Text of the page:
Despite the limitations, a strength of this study is that culturally and linguistically integrated methods such as recruitment, face-to-face interviews, and telephone contacts built trust and rapport with participants. The intervention program, which included an HBV slide presentation, role-playing video, and photonovels, was developed and tested in respective Asian languages with pictures featuring Asian Americans. This likely helped participants identify with messages in the materials. Because participants were interacting with researchers, staff, and interviewers with the same ethnic background, they likely felt more comfortable with asking questions in their languages. Conducting training in recipients’ native language may be an effective tool to motivate them to have screening and to increase knowledge of HBV infection. Second, we were successful in recruiting hard-to-reach and vulnerable populations in spite of challenges in capturing these groups, which face cultural, linguistic, and economic barriers. CAB members helped us to determine how and where to recruit non-English speaking immigrants. CAB members shared perspectives from the community relevant to the development, implementation, and potential sustainability of effective intervention activities and used their personal and social networks to encourage the participation of CBOs and individuals. They worked closely with the research team on all aspects of the study and were essential to this research project for ensuring the cultural relevance of intervention strategies and facilitating community competence.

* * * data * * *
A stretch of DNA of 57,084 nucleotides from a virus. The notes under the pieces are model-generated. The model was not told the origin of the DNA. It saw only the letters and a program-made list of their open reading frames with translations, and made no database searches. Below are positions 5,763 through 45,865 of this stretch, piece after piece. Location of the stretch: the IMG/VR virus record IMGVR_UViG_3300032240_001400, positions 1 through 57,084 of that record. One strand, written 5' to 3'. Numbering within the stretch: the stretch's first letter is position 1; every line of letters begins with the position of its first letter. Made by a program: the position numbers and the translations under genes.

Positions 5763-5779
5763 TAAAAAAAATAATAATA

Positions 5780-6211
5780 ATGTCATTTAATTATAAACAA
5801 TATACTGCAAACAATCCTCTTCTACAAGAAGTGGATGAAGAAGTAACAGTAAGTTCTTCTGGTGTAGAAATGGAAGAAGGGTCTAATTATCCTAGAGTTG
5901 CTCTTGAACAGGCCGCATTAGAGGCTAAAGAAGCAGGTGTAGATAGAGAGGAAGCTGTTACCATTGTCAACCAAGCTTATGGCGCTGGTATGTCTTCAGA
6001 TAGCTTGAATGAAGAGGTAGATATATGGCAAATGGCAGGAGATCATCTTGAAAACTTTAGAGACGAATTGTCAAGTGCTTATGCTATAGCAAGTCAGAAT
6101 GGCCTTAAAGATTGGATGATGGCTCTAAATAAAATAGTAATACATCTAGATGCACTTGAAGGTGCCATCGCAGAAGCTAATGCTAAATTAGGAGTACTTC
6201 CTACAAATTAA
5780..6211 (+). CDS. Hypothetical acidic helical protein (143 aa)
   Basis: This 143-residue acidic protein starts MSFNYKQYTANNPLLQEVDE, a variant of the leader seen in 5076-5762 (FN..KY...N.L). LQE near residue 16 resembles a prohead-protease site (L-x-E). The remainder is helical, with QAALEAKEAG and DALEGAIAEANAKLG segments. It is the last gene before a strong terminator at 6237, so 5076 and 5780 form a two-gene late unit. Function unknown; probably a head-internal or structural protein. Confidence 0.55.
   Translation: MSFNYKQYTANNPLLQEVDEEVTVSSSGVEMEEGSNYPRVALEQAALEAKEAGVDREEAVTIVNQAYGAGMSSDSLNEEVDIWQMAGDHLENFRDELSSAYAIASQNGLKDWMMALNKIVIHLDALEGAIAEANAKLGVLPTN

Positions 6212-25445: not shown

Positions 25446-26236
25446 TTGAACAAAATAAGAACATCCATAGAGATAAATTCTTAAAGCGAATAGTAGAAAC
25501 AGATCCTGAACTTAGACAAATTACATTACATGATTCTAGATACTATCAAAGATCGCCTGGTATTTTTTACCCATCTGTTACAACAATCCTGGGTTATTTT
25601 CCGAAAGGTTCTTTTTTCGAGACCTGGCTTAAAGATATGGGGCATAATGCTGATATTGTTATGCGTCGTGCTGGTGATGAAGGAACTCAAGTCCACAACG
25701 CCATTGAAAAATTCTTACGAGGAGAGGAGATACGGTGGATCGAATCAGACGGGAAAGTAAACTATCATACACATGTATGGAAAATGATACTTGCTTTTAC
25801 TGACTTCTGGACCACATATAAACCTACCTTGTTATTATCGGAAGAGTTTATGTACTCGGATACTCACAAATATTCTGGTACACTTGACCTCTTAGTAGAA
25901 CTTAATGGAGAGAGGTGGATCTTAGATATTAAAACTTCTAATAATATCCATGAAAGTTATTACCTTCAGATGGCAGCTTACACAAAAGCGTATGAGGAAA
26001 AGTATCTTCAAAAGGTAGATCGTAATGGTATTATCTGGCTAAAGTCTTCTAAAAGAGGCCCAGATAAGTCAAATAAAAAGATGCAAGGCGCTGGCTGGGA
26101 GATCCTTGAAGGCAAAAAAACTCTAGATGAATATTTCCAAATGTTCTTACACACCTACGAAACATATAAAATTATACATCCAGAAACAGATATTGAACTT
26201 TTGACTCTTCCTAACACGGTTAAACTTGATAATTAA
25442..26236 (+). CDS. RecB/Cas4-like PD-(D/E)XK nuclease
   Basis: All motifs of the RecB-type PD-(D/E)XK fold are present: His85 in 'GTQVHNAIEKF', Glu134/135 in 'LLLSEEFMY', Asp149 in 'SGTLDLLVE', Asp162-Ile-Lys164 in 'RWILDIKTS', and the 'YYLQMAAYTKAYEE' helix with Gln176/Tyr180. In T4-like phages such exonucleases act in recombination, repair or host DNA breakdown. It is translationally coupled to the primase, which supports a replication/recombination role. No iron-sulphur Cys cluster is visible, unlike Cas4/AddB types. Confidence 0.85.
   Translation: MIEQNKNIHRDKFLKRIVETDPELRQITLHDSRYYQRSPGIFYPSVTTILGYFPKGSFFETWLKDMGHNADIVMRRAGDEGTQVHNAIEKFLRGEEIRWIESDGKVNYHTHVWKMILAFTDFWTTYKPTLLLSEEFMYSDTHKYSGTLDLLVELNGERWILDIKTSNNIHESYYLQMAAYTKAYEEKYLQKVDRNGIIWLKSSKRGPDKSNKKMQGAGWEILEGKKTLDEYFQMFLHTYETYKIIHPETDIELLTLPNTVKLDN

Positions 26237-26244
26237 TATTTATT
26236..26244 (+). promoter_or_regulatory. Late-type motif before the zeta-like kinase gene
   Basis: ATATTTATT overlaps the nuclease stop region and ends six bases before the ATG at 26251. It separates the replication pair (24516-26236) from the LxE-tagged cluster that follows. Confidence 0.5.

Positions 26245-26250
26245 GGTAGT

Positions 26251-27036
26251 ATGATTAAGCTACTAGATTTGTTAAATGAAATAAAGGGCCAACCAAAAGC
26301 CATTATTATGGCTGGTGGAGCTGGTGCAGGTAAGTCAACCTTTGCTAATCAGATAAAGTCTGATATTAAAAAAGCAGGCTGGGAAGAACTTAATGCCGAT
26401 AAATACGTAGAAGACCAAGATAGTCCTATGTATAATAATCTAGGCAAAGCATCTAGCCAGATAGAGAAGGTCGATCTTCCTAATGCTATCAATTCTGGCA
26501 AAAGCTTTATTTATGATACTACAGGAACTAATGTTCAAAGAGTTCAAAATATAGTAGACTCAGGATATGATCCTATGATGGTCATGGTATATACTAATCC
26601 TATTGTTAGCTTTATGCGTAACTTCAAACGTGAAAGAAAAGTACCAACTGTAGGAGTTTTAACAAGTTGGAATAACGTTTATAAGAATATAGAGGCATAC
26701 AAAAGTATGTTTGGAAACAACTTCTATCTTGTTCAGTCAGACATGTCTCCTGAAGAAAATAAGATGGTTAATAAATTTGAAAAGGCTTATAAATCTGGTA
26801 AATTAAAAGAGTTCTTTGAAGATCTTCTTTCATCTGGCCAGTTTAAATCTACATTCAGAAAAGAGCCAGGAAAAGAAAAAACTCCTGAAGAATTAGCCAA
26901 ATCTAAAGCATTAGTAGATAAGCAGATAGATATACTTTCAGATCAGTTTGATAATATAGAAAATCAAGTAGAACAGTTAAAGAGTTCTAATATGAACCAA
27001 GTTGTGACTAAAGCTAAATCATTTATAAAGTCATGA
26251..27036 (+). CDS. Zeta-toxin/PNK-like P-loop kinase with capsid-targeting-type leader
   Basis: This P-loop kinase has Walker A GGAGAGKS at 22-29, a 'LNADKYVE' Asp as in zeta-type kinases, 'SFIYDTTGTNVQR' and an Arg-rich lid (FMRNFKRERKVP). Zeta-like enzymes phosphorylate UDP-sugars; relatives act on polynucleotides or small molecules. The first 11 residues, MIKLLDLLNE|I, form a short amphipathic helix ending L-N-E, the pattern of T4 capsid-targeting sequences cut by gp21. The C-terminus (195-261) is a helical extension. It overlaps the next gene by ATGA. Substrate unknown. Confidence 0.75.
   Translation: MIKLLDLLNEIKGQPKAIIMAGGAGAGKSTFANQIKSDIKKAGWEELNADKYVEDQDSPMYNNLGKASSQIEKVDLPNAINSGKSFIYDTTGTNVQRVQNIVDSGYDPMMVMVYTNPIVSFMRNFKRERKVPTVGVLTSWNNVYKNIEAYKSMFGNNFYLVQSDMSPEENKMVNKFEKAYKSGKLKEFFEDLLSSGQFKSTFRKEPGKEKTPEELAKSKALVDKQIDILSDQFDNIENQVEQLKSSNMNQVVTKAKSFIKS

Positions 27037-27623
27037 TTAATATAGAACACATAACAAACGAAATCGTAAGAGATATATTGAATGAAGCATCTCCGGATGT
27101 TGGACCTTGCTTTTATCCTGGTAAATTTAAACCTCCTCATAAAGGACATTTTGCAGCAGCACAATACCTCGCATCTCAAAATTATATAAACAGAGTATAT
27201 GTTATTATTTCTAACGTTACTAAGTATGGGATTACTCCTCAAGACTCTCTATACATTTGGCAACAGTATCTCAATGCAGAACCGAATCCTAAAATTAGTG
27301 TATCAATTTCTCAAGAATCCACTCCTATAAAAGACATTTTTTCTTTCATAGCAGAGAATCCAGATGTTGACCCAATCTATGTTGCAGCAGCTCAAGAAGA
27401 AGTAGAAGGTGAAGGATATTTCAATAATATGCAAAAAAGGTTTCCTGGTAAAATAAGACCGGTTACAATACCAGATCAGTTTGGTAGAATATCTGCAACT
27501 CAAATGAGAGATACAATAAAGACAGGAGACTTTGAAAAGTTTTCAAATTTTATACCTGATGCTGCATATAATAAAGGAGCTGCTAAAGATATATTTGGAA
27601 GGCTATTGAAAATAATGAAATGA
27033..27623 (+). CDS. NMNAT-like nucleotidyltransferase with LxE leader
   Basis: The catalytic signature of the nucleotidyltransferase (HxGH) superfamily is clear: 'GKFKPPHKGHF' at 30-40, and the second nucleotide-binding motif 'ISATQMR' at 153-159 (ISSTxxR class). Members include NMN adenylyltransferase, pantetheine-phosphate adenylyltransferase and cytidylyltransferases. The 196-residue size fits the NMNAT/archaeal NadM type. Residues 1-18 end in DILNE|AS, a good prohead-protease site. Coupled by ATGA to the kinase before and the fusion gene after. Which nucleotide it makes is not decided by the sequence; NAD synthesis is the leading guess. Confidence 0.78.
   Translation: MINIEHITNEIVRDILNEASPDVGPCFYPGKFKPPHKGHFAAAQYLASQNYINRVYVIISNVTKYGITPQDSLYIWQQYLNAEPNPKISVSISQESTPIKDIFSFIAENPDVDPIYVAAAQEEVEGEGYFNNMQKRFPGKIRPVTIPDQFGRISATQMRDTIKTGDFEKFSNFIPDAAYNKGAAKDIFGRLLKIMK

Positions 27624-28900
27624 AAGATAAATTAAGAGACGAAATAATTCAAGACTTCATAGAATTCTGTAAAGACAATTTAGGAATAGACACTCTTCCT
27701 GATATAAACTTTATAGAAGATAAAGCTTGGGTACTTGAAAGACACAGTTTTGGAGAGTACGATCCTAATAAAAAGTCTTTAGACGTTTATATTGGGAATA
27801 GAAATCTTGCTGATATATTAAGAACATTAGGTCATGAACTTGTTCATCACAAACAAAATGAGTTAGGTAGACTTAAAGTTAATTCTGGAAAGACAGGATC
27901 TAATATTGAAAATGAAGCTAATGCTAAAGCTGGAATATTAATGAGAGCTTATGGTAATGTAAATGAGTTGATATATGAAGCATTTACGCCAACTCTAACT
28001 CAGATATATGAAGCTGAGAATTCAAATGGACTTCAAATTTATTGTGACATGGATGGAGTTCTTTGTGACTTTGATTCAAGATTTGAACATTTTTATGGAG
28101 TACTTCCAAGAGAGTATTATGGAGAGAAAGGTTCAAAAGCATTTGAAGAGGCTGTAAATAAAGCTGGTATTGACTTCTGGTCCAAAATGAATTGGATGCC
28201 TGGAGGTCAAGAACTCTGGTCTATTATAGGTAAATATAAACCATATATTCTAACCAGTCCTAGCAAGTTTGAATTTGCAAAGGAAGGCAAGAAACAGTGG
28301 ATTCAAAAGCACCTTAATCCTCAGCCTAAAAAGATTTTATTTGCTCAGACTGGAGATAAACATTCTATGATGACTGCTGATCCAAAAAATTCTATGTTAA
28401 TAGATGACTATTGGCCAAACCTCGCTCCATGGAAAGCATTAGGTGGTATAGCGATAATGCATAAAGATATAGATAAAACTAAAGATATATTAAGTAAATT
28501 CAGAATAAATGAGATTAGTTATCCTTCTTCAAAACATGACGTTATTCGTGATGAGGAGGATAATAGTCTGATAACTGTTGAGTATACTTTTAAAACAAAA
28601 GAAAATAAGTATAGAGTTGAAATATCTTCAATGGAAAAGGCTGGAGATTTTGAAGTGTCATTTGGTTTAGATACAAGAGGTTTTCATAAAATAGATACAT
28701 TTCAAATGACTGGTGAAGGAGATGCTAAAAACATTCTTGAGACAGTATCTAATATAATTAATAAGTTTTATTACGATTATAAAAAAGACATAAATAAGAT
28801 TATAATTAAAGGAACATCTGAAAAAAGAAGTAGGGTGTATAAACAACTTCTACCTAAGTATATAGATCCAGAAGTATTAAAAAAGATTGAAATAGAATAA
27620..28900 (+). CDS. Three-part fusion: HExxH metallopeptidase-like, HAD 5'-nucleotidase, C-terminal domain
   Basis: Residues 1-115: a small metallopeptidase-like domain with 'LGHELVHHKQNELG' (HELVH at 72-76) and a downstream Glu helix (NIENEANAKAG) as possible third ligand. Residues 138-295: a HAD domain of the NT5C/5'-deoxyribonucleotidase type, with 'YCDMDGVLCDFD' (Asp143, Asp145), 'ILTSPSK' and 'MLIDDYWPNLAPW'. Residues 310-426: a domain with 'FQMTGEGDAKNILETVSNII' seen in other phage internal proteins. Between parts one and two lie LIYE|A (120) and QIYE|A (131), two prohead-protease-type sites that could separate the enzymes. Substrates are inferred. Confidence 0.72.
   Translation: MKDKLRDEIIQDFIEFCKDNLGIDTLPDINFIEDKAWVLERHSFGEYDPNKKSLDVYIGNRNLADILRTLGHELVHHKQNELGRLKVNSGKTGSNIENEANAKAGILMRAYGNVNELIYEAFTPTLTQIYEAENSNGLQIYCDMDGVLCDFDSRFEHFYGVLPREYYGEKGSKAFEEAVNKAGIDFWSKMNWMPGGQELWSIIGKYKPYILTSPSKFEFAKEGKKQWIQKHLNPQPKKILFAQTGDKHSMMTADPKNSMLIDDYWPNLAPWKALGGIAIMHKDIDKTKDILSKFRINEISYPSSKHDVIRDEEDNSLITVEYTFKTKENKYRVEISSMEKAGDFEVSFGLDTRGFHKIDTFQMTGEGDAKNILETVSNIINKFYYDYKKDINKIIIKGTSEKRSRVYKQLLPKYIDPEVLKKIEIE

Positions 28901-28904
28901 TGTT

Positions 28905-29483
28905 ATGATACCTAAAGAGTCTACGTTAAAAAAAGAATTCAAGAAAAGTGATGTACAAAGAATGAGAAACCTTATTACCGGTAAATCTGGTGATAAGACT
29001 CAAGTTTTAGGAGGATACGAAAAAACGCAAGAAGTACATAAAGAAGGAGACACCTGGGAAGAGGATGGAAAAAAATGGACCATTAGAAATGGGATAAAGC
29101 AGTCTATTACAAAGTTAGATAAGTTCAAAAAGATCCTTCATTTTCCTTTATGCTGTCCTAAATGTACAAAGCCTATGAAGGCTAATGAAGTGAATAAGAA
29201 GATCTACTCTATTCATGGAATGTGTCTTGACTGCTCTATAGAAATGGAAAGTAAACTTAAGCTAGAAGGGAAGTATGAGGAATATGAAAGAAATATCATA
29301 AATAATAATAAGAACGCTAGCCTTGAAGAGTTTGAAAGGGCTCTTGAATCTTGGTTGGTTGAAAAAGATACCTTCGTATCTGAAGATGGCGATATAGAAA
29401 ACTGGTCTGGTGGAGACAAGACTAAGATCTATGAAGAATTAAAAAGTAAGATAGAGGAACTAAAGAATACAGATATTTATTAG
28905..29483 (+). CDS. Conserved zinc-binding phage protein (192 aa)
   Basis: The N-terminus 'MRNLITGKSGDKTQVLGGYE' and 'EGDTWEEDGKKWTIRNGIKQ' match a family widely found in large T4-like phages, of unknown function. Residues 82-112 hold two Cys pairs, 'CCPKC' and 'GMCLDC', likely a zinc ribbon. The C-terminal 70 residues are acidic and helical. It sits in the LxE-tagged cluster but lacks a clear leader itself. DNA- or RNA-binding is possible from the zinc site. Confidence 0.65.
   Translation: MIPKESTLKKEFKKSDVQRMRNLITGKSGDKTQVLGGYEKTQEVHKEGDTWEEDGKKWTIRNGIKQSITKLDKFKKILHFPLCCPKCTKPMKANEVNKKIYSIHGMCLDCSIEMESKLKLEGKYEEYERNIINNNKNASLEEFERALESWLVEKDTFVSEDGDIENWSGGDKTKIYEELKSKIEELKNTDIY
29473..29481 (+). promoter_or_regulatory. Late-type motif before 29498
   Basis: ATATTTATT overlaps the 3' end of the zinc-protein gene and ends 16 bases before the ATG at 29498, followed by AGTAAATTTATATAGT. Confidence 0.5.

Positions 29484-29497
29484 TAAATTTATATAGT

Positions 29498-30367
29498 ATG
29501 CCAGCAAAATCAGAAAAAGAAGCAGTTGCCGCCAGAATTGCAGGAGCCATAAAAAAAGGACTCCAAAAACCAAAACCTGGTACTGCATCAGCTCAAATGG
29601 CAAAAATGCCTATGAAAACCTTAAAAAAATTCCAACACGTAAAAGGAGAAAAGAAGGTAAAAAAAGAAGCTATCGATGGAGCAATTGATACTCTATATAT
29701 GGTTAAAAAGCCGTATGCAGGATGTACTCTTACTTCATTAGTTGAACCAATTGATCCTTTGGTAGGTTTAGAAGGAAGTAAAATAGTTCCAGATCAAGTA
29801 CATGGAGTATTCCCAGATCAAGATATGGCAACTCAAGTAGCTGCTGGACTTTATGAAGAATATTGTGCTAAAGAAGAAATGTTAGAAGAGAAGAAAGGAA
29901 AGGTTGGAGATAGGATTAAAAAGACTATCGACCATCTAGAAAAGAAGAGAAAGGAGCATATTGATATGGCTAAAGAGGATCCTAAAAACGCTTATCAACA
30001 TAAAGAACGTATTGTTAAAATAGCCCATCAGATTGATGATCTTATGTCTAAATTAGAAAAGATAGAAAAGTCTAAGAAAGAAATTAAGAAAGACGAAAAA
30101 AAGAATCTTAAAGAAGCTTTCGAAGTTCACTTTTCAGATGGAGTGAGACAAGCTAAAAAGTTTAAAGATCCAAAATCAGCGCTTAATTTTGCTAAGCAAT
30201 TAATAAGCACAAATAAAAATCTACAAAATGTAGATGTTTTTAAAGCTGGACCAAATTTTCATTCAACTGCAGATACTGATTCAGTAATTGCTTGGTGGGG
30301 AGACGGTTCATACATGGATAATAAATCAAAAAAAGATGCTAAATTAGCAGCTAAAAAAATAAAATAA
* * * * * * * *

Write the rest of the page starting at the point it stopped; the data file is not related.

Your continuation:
In conclusion, this culturally integrated intervention program yielded a substantial increase in screening behavior in underserved, high-risk, Asian minority populations. We recommend providing culturally and linguistically integrated educational programs as one way to change social norms to increase preventive behavior. These study findings provide a framework for large-scale community-based interventions to promote liver cancer prevention and control in high risk subgroups of Asian Americans, which could contribute toward achieving the Healthy People 2020 program goal of improving HBV screening among minority populations (30).
This project, Asian American Liver Cancer Education Program, was funded by the National Cancer Institute (no. R25CA129042). We thank the participants of this study. We also appreciate the dedicated work of the research team.